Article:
Red Hat Research Quarterly

“When one teaches, two learn”: making the most of technical research mentorship

Red Hat Research Quarterly

“When one teaches, two learn”: making the most of technical research mentorship

about the author

Matej Hrušovský

Matej Hrušovský has been with Red Hat for more than eight years, six of which have been spent managing the university program in EMEA. Aside from attracting new talent mainly from universities and schools, the core of Matej’s job is to find and put the right people (from Red Hat and academia) in the same room together.

about the author

Lis Strenger

Lis Strenger is Senior Manager, Emerging Technologies Marketing at Red Hat. With nine
years at Red Hat, and over twenty-five years working in technology—a career which started as a college instructor of technical writing—she is captivated by the idea of learning through teaching.

Article featured in

Red Hat Research Quarterly

August 2021

In this issue

Research mentorships are the basic building block of productive industry-university relationships. We asked four mentors from around the globe to tell us about the challenges, rewards, and strategies of serving as a mentor.

Linking a student’s research goals with the experience of a Red Hat software engineer is at the crux of the Red Hat Research program. Even formal partnerships with universities boil down to the one-on-one relationship between student researcher and industry mentor.

To find out what is involved in being the non-academic mentor of a computer science researcher, Red Hat Research Quarterly interviewed a few Red Hat mentors to discuss the hows and whys of these connections. Our mentors (see bios in insets) range from very seasoned to very new, and they work with students at universities in the US, Israel, and the Czech Republic on an array of projects. 

Learning more about the dynamics of mentoring research projects will help us better understand the benefits and areas for improvement in research mentorship programs. After all, these relationships are uncommon in both commercial and academic settings. But they do important work by bridging these two spheres, translating knowledge and experience into insights that help student researchers’ work become more immediately relevant to applied computer science. 

In the questions and answers that follow, we synthesized some of our findings while letting each mentor speak from their unique experience.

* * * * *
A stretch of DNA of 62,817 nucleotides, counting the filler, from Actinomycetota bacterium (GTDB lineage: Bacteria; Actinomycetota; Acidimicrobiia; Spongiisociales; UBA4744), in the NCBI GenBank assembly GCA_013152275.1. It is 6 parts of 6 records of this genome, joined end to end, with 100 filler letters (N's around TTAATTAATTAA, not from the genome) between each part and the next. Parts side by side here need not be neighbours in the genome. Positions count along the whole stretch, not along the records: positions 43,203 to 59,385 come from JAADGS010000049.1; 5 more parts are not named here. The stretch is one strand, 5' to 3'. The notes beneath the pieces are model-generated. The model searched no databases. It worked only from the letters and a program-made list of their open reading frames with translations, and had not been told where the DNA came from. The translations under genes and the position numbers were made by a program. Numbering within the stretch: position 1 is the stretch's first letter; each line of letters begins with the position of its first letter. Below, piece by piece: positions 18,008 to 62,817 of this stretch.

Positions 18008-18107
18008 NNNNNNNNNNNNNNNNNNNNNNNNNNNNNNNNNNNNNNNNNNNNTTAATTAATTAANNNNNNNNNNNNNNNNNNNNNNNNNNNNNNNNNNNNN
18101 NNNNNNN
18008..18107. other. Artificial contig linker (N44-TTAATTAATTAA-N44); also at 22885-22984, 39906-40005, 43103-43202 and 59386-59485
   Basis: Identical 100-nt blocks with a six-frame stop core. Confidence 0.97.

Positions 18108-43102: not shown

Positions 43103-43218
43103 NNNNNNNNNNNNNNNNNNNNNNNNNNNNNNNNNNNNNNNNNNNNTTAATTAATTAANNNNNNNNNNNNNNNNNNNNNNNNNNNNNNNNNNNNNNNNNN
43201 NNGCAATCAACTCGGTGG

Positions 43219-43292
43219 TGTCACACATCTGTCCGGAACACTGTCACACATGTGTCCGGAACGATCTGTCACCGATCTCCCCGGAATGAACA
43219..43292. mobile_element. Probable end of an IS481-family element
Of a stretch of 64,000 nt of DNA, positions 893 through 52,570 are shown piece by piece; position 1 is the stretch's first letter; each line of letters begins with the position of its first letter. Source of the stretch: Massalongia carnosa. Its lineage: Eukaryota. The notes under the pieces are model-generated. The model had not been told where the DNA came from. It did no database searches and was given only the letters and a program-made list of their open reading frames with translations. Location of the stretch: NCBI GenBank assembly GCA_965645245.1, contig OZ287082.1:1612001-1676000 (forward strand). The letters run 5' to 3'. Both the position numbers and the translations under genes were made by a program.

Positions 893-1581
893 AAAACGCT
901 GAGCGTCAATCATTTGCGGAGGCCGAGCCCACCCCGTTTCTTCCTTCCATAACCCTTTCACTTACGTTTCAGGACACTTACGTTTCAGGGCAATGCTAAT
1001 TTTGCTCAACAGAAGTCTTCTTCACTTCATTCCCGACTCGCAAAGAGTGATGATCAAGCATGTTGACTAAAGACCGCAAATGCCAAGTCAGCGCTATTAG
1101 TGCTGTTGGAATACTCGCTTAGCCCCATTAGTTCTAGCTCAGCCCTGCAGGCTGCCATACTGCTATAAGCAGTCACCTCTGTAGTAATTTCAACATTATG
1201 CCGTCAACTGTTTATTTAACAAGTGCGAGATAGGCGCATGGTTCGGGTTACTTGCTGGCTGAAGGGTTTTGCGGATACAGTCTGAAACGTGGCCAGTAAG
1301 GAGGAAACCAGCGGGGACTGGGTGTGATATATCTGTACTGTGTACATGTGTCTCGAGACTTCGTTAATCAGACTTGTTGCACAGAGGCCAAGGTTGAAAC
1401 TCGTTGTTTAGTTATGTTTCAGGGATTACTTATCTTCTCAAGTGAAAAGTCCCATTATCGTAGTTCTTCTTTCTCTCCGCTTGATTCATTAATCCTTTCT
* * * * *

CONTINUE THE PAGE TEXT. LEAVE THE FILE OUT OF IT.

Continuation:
Josh Salomon is a senior principal software engineer at Red Hat working as an architect on Ceph storage systems. Based in Israel, Josh has worked on projects with professors and students at the Interdisciplinary Center (IDC) Herzliya.

Viktor Malik is a Red Hatter based in Brno, Czech Republic. Viktor has assisted thesis candidates at the Brno University of Technology, where he recently completed his PhD. His areas of mentorship range from VMs to kernel analysis and security.

Marek Grác is a senior software engineer at Red Hat Czech who has lent support to thesis projects at Masaryk University in Brno at master and doctoral levels on topics including networks and AI/ML.

Uli Drepper is a Red Hat Distinguished Engineer working on multiple projects as part of the Greater New England RIG. Uli currently advises on ten theses/dissertations at Boston-area universities, many of which are in the area of programmable hardware and the Linux kernel.

How do you package your advanced technical knowledge so that it’s shareable with students?

Mentors have a wealth of information to share, but they aren’t classroom teachers. Imparting what they know to their mentees is a matter of individual communication styles, learning styles, and coding styles that will likely differ in each mentor relationship. We asked mentors how they like to illustrate complex ideas for students. In some instances, merely simplifying the explanation of a concept is enough. Often, however, mentors find that showing rather than telling is a more effective way of helping a student learn a new idea.